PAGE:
Here are some of the latest scientific developments around covid-19, including insights about the first major outbreak in Wuhan, China, a raft of hydroxychloroquine treatment trials, and steady progress in some but not all areas of the U.S.
A crucial part of fending off covid-19 is pinning down how many people in a country or region have already been infected by the coronavirus, in order to figure out how susceptible the rest of the population might be to later outbreaks. A new study in Nature Medicine this week is the latest to suggest that we’ve only seen a glimpse of the pandemic’s full strength, even in the first places where it struck.
Researchers in China looked at blood samples from over 16,000 people collected during the pandemic, including residents of Wuhan, China, where the first reported cases of covid-19 emerged late last year. Though Wuhan was the epicenter of the pandemic for over a month, only around 3 to 4 percent of the city’s population was estimated to carry antibodies specific to the coronavirus, which are indicative of surviving a past infection.
The results mirror findings taken from other hard-hit countries, including France and Spain. Some areas in these countries, including in the U.S., have reported rates of covid-19 seroprevalence higher than single digits—around 20 percent in New York City, for instance. But overall, it’s becoming clear that only a tiny fraction of the world’s population has been exposed to the coronavirus so far.
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While that’s encouraging in the sense that we were able to stop its spread from going completely out of control, it also means that the risk of future massive outbreaks is still very real. Until an effective vaccine or treatment is found, communities will have to remain vigilant and likely keep at least some social distancing measures in effect.
This week, scientists retracted the results of a influential study published in the Lancet in May, following allegations that the data they used may have been fabricated by the company that supplied it. That observational study found no evidence that hydroxychloroquine was effective at preventing death from covid-19 in hospitalized patients.
The question of whether hydroxychloroquine can help treat covid-19 is still unanswered. It’s frustrating, but figuring this out will require lots of trials, preferably involving different groups of scientists studying large groups of volunteers over time, and determining where the overall evidence falls.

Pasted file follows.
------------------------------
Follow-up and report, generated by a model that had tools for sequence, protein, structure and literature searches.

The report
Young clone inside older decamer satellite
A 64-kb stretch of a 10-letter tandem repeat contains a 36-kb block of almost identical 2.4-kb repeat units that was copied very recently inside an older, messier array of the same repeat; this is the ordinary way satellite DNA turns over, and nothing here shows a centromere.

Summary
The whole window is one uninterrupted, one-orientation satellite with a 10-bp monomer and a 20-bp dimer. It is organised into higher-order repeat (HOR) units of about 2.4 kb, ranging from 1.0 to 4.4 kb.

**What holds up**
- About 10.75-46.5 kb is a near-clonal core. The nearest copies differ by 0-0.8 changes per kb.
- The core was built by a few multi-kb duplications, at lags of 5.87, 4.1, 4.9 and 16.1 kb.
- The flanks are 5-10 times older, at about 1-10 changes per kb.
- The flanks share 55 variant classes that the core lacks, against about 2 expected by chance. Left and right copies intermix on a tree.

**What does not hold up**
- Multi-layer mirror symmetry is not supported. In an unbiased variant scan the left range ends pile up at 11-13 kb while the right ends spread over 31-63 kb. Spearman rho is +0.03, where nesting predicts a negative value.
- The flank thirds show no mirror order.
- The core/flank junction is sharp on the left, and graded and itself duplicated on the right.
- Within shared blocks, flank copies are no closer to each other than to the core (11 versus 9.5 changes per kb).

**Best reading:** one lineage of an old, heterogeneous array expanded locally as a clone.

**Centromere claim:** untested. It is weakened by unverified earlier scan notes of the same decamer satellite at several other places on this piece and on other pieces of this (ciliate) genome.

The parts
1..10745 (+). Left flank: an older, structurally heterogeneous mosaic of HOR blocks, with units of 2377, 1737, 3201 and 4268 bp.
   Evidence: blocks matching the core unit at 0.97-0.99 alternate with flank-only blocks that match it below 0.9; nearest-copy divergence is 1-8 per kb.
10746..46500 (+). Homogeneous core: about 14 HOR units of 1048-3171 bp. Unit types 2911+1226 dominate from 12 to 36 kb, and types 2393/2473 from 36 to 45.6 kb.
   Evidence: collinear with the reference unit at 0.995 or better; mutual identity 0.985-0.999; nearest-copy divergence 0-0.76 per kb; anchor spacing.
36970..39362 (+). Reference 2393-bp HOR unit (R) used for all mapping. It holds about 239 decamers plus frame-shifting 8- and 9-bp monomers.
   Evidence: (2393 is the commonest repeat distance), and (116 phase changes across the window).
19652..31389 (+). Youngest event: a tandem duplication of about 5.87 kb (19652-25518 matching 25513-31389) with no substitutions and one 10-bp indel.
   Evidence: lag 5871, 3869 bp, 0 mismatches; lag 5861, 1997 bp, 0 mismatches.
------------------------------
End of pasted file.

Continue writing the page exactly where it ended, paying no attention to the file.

We did get results this week from two new studies of hydroxychloroquine, both of which were randomized, controlled, and double-blinded trials.
The first study, published Wednesday in the New England of Medicine, tested whether taking hydroxychloroquine after a potential exposure to the virus could prevent infection from happening. Notably, President Trump said in mid-May that he was taking the drug for exactly that purpose. However, the authors found no significant difference in suspected cases or confirmed infection rates between people who took hydroxychloroquine and those who didn’t.
The second study is from part of the UK’s massive RECOVERY trial, intended to test several potential covid-19 treatments in people with severe covid-19. On Friday, an independent board of researchers monitoring the trial reviewed and asked for the initial results of the hydroxychloroquine arm to be revealed, which involved over 1,500 people who were randomly assigned to take the drug. The study found no significant difference in the rate of death between those on the drug and a control group, with about a quarter dying in either group. The board also recommended that the hydroxychloroquine portion of the trial be ended early, given the lack of success, which the authors agreed to do.
No single study should be taken as the final word, especially since other researchers haven’t had the opportunity to look over the data from the UK trial yet. But, if accurate, these studies seem to suggest that hydroxychloroquine may not help people before they get sick from covid-19 or once they become severely sick. The data from other large trials of hydroxychloroquine should be out soon, which should provide more guidance.
Closing out with some good news.
On Friday afternoon, New York Governor Andrew Cuomo said that there had been 42 reported covid-19 deaths the day before—the lowest daily death toll seen in eight weeks. New York City reported zero confirmed deaths for Wednesday, though there were three probable deaths.
Both tallies are a far step down from the peak of the outbreak in early April, which saw over 500 people in the city and over 700 people statewide die every day. Coupled with other indicators, such as a low positive test rate (only around 2 percent of tests in the state are coming back positive), it’s a good sign that the formerly raging outbreak has truly calmed in New York. It also suggests that the state and New York City are relatively safe to begin reopening, with a limited reopening in the city planned to start on June 8.
Of course, the risk of future outbreaks is ever-present, and several states are trending in the opposite direction, with cases and positive rates increasing over time. The danger isn’t over, and there may yet be future waves of illness, especially if we’re not doing everything we can to prevent them. But for now, New York seems to have finally earned a reprieve.
As of June 5, there have been over 375,000 confirmed cases and nearly 25,000 confirmed deaths in New York State, with just 1,000 new confirmed cases reported Thursday, according to its department of health. Worldwide, it’s likely that we’ll reach 400,000 confirmed deaths within the next few days.